United States

CFPB report details mortgage servicing problems


After a four-month supervision period last year in which the Consumer Finance Protection Bureau (CFPB or Bureau) took a close look at mortgage servicing practices, the Bureau issued a report that identifies multiple instances where servicers violated the Wall Street Reform and Consumer Protection Act’s (Dodd-Frank Act) ban on abusive, deceptive or unfair acts or practices. These instances include the following:

Unfair practices with servicing transfers: In this area, examiners found unfair practices with borrowers being charged the wrong amount or being told to pay the wrong amount as a result of two servicers failing to honor existing permanent or trial loan modifications after a servicing transfer.

Waiving consumer rights: CFPB examiners found two servicers that had required borrowers to waive any existing claims in order to get a forbearance or loan modification agreement. These broad waiver clauses were deemed unfair because they were applied without regard to individual circumstances.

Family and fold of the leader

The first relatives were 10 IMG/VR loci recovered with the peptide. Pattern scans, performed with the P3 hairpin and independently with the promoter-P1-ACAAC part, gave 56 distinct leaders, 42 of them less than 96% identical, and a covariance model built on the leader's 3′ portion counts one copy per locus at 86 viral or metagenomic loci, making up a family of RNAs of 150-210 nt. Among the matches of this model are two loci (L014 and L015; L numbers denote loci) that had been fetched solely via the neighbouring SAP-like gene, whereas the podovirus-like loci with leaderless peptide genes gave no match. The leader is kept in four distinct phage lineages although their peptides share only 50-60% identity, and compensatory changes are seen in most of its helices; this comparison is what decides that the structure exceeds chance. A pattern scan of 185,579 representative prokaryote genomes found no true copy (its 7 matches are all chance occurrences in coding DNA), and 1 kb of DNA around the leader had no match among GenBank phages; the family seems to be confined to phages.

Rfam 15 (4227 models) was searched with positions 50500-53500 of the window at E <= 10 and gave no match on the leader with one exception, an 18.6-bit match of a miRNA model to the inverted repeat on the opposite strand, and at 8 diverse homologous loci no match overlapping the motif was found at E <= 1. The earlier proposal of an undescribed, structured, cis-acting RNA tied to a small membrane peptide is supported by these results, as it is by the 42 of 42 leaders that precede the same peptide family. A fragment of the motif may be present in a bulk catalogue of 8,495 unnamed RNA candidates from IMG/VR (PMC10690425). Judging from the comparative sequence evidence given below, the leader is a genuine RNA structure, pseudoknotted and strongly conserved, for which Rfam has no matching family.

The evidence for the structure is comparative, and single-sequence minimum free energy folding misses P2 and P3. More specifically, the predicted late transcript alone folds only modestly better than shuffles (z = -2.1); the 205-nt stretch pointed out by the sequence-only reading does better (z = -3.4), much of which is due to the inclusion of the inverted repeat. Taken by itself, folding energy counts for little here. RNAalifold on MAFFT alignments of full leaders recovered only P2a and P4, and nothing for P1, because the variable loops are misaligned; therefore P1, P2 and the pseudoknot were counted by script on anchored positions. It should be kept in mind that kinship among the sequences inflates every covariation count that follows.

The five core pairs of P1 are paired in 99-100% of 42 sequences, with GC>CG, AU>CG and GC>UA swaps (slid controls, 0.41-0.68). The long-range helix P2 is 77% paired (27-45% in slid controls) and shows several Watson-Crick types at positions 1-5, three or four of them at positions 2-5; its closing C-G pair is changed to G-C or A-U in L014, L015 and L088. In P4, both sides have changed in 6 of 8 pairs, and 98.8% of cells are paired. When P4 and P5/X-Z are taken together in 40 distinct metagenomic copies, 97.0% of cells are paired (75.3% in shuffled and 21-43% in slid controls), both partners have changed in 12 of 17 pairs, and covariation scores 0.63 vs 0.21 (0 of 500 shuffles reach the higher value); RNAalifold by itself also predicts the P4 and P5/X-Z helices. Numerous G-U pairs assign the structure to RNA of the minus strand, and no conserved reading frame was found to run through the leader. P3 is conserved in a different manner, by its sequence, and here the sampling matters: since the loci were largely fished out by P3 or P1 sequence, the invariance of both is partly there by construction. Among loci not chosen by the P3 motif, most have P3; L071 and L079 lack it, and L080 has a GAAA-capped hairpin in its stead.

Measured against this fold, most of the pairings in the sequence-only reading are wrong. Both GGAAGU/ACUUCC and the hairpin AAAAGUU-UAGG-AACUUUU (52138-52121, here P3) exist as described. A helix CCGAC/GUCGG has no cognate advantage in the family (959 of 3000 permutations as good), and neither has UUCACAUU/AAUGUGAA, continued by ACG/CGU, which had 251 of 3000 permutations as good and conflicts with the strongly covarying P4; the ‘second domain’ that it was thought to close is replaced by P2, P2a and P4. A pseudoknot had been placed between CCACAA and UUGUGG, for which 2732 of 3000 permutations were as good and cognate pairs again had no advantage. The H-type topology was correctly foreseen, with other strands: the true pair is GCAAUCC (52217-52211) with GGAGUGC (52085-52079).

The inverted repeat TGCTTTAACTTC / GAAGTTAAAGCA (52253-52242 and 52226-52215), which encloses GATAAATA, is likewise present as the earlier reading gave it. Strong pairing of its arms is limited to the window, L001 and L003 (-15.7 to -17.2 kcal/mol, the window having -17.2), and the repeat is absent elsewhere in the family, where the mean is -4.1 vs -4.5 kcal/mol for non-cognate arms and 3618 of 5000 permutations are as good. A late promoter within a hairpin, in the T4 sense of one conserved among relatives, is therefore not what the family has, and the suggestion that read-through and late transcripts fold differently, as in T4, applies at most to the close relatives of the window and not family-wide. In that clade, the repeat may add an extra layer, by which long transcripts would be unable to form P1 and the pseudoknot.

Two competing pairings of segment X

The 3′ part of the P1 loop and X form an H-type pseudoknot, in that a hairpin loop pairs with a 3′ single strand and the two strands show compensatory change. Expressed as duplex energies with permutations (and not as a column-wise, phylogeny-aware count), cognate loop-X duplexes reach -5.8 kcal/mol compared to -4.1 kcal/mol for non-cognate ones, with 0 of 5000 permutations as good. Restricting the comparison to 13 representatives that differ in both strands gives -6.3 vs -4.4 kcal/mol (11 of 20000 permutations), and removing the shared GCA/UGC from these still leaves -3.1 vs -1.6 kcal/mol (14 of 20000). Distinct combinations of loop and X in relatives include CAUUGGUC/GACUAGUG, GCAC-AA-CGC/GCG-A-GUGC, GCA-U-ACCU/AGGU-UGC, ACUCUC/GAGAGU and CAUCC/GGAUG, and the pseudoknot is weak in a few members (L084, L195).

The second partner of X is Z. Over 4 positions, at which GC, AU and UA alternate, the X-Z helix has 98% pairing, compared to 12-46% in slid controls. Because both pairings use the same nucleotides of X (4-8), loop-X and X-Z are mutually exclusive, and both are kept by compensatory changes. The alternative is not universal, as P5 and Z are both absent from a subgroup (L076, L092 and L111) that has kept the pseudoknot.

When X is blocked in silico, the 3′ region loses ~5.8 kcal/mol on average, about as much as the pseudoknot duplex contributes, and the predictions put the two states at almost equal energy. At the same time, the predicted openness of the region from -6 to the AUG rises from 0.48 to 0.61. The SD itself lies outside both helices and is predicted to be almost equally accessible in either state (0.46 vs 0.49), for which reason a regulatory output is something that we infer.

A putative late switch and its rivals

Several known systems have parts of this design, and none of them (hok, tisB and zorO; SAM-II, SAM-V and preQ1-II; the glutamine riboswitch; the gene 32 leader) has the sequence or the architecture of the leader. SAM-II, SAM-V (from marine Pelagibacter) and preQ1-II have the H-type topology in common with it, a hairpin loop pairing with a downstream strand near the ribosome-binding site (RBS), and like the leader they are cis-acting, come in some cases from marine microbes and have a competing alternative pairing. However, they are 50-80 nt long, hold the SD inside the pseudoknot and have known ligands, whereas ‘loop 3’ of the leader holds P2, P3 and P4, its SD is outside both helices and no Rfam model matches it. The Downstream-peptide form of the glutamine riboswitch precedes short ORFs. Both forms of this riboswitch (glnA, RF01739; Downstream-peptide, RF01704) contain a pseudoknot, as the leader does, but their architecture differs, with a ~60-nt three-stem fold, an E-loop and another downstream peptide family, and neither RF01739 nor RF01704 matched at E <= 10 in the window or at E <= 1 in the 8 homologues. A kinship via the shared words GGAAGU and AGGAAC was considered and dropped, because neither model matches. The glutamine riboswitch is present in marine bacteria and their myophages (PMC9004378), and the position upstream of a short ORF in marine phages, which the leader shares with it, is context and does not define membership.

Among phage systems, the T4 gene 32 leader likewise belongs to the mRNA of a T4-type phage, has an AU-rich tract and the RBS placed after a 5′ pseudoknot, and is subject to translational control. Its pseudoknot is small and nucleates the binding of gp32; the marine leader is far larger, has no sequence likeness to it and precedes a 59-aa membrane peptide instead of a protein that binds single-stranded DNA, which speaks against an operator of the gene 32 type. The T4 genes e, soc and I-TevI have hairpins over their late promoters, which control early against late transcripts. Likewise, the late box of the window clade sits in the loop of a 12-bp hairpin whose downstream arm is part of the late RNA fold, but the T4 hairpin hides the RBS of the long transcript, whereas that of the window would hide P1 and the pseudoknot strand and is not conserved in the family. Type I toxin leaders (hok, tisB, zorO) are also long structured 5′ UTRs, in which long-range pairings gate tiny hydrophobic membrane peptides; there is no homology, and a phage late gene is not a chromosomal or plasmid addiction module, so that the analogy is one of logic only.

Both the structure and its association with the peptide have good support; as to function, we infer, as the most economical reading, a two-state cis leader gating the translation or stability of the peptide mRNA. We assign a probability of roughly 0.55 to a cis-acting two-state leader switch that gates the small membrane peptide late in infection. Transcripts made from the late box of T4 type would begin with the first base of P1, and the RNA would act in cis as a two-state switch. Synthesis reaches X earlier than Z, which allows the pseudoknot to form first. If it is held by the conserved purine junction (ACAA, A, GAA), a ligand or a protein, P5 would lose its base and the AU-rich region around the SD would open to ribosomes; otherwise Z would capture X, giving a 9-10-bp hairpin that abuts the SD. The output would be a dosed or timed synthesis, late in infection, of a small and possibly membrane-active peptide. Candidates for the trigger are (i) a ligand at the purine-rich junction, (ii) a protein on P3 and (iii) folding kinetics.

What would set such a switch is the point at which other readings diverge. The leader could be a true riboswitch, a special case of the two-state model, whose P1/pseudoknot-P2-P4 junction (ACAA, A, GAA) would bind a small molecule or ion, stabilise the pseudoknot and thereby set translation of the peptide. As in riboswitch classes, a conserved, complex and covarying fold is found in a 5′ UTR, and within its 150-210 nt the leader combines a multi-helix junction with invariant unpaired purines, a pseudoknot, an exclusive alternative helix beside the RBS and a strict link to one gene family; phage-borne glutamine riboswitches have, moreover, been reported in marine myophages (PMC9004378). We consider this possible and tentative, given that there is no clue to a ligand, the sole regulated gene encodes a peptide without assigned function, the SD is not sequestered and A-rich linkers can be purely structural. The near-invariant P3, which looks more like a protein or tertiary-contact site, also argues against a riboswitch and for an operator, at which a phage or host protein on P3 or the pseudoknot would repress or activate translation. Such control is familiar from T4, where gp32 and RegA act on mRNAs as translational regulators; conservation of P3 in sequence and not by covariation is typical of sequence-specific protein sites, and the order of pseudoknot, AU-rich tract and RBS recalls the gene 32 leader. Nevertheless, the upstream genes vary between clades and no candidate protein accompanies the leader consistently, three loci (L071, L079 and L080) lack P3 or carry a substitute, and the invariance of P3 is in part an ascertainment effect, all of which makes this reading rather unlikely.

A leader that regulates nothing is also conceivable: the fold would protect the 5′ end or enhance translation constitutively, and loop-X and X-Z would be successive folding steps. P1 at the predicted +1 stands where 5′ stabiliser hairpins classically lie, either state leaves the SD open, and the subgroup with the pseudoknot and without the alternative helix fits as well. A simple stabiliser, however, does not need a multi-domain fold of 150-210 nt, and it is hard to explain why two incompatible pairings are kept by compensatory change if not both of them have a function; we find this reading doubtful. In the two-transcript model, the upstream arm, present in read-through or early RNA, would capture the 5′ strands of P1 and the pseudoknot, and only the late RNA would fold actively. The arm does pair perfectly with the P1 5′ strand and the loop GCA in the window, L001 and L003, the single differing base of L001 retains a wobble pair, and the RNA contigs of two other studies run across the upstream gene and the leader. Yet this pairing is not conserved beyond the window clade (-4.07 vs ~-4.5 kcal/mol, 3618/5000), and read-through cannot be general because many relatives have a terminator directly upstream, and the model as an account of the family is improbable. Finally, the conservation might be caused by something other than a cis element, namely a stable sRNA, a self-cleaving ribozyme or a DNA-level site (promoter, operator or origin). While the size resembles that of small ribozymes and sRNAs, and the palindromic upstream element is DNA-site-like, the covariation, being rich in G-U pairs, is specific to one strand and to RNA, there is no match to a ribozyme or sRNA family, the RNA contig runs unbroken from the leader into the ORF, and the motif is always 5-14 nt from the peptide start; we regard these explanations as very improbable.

Poor payment processing: The Bureau found one servicer that marketed biweekly payment plans had misrepresented how the plans worked. Examiners also found another servicer that had falsely claimed that some borrowers would receive refunds from their escrow accounts.

Providing incorrect information to reporting agencies: The Bureau found cases where servicers had misreported short sales as foreclosures, which can have a much more damaging effect on a consumer’s ability to get certain types of credit.

In all cases where examiners found servicing problems, they alerted the lender and specified necessary remedial measures. When appropriate, the CFPB opened investigations for potential enforcement actions. During this four-month reporting period, consumers received $2.6 million in remediation as a result of the CFPB’s nonpublic supervisory actions or self-reported violations by bank or nonbank lenders.

To address these mortgage servicing issues, the CFPB established a series of new, common-sense rules that went into effect on Jan. 10, 2014. These rules require servicers to maintain accurate records, provide troubled borrowers with direct and ongoing access to servicing personnel, deliver prompt payment credits and correct errors upon request.

The Bureau’s complete mortgage servicing report is available at http://www.consumerfinance.gov/newsroom/cfpb-supervision-report-highlights-mortgage-servicing-problems-in-2013/

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Kelly Housh
Regulatory Compliance National Support
Minneapolis, MN


Ty Beasley
Regulatory Compliance National Leader
Dallas, TX